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Published: Sunday, 10/14/2012

Michigan voters joining battle over new international bridge

ASSOCIATED PRESS

DETROIT — The battle between Ambassador Bridge owner Manuel “Matty” Moroun and Gov. Rick Snyder over a new commuter span between Detroit and Canada will be settled when Michigan voters go to the polls next month.

How the voting ends up may depend on whose argument is most convincing.

Proposal 6 would change the state constitution to require approval by a majority of Michigan voters on any new international commuter bridges or tunnels before the state can spend money on the projects.

Mr. Snyder and Canadian leaders reached a deal in June on a new government bridge. Mr. Snyder has said that under the agreement, Michigan isn't on the hook for any of the bridge costs, which would be repaid to Canada through tolls collected on the Canadian side.

Mr. Moroun and his Detroit International Bridge Co. say a new government bridge would cost taxpayers down the road. They were behind a petition drive that collected more than 600,000 signatures to put Proposal 6 on the November ballot. More than $1 million also was spent on ads blasting the proposed bridge that would link southwest Detroit to Windsor, Ontario.

The issue appears to be pure Michigan.

“We have never had a vote regarding a bridge between Minnesota and Canada,” said Mary McFarland Brooks, a spokesman for the Minnesota Department of Transportation.

And placing such a weighty matter before voters is “a unique process,” added Robert Horr, president of the Public Border Operators Association.

His association represents nine publicly owned and operated bridge and tunnel crossings connecting Ontario to Michigan and New York state. Its membership includes the Michigan Department of Transportation, which supports a government bridge, and two other Michigan bridge authorities and the Detroit-Windsor Tunnel.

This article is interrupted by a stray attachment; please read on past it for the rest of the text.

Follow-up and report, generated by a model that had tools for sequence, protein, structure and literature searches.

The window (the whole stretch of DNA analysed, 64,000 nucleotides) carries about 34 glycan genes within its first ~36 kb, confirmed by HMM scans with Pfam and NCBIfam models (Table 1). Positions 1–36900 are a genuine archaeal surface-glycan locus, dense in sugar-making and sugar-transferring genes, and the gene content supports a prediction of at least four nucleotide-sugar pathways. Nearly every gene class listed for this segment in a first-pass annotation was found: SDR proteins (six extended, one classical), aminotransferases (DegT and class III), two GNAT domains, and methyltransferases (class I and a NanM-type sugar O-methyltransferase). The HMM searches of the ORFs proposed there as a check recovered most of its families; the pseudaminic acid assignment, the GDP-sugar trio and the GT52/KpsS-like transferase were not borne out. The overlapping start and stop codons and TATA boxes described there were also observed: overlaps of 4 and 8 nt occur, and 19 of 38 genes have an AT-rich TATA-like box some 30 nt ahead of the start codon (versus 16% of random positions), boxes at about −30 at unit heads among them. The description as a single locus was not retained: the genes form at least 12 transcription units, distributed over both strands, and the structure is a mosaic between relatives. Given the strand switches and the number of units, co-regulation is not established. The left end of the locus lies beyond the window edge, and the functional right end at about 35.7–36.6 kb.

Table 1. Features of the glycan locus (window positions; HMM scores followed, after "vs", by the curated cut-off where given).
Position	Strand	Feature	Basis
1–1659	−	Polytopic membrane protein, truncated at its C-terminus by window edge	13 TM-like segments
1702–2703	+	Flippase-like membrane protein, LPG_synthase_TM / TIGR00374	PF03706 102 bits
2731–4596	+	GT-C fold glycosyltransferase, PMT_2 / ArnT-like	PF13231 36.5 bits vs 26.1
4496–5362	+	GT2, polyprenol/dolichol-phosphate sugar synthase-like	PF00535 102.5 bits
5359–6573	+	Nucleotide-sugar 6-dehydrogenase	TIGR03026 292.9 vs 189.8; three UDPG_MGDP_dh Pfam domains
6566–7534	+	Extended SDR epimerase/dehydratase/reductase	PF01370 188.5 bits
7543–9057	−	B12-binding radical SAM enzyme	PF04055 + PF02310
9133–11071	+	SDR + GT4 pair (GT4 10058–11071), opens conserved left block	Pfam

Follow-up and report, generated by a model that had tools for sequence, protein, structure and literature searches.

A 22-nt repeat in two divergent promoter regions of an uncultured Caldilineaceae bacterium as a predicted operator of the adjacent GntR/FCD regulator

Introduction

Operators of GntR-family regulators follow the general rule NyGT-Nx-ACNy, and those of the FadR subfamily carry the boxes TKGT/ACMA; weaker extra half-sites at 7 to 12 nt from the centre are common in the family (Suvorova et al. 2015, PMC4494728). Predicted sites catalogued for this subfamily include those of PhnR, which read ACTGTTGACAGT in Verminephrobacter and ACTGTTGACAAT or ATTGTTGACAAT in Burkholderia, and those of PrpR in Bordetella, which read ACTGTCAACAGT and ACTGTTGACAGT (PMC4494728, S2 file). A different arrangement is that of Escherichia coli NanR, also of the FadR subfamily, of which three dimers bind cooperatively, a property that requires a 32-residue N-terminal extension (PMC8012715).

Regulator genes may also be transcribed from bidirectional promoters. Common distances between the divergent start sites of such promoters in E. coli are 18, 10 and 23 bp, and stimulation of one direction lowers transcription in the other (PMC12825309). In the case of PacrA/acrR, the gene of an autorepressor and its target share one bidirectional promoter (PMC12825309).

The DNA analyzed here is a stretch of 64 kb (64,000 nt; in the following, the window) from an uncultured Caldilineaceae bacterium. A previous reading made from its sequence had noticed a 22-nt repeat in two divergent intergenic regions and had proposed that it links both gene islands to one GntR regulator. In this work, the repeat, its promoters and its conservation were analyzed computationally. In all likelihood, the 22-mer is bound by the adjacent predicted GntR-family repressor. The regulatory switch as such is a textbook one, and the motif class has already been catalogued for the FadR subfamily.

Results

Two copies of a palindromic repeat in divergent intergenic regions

“We're all public, and in the public field you have public hearings and public comment,” Mr. Horr said. “It would be rather unusual to have to go for a referendum. It's a very lengthy process, and just adding a referendum” could add more time to the process of building a new bridge.

Moroun spokesman Mickey Blashfield said there is a precedent in Michigan for voter-approval of an international bridge. A vote by Detroit residents in 1927 led to the building of the Ambassador Bridge, he said.

“The City Council approved the bridge. The mayor vetoed, and it went to a local referendum,” said Mr. Blashfield.

“Most want to make sure they are voting the right way,” he said. “They don't want someone tricking them into a vote to support the [government] bridge.”

But Michigan Lt. Gov. Brian Calley says Mr. Moroun's motivation behind the proposal is to maintain the near monopoly on truck and trade traffic he enjoys with the Ambassador Bridge.

Mr. Moroun also has been trying to get a twin span of the Ambassador Bridge built with private dollars.

“Proposal 6 is an attempt by one very special interest: A person who owns a bridge that connects the two largest trade partners in the world,” Mr. Calley said in a 90-second video on the Michigan.gov Web site. “The person who owns that bridge desperately wants to avoid competition.”

The governor's office has said the new bridge would relieve traffic congestion at the crossing and enhance the $70 billion-a-year trade relationship between Michigan and Canada.



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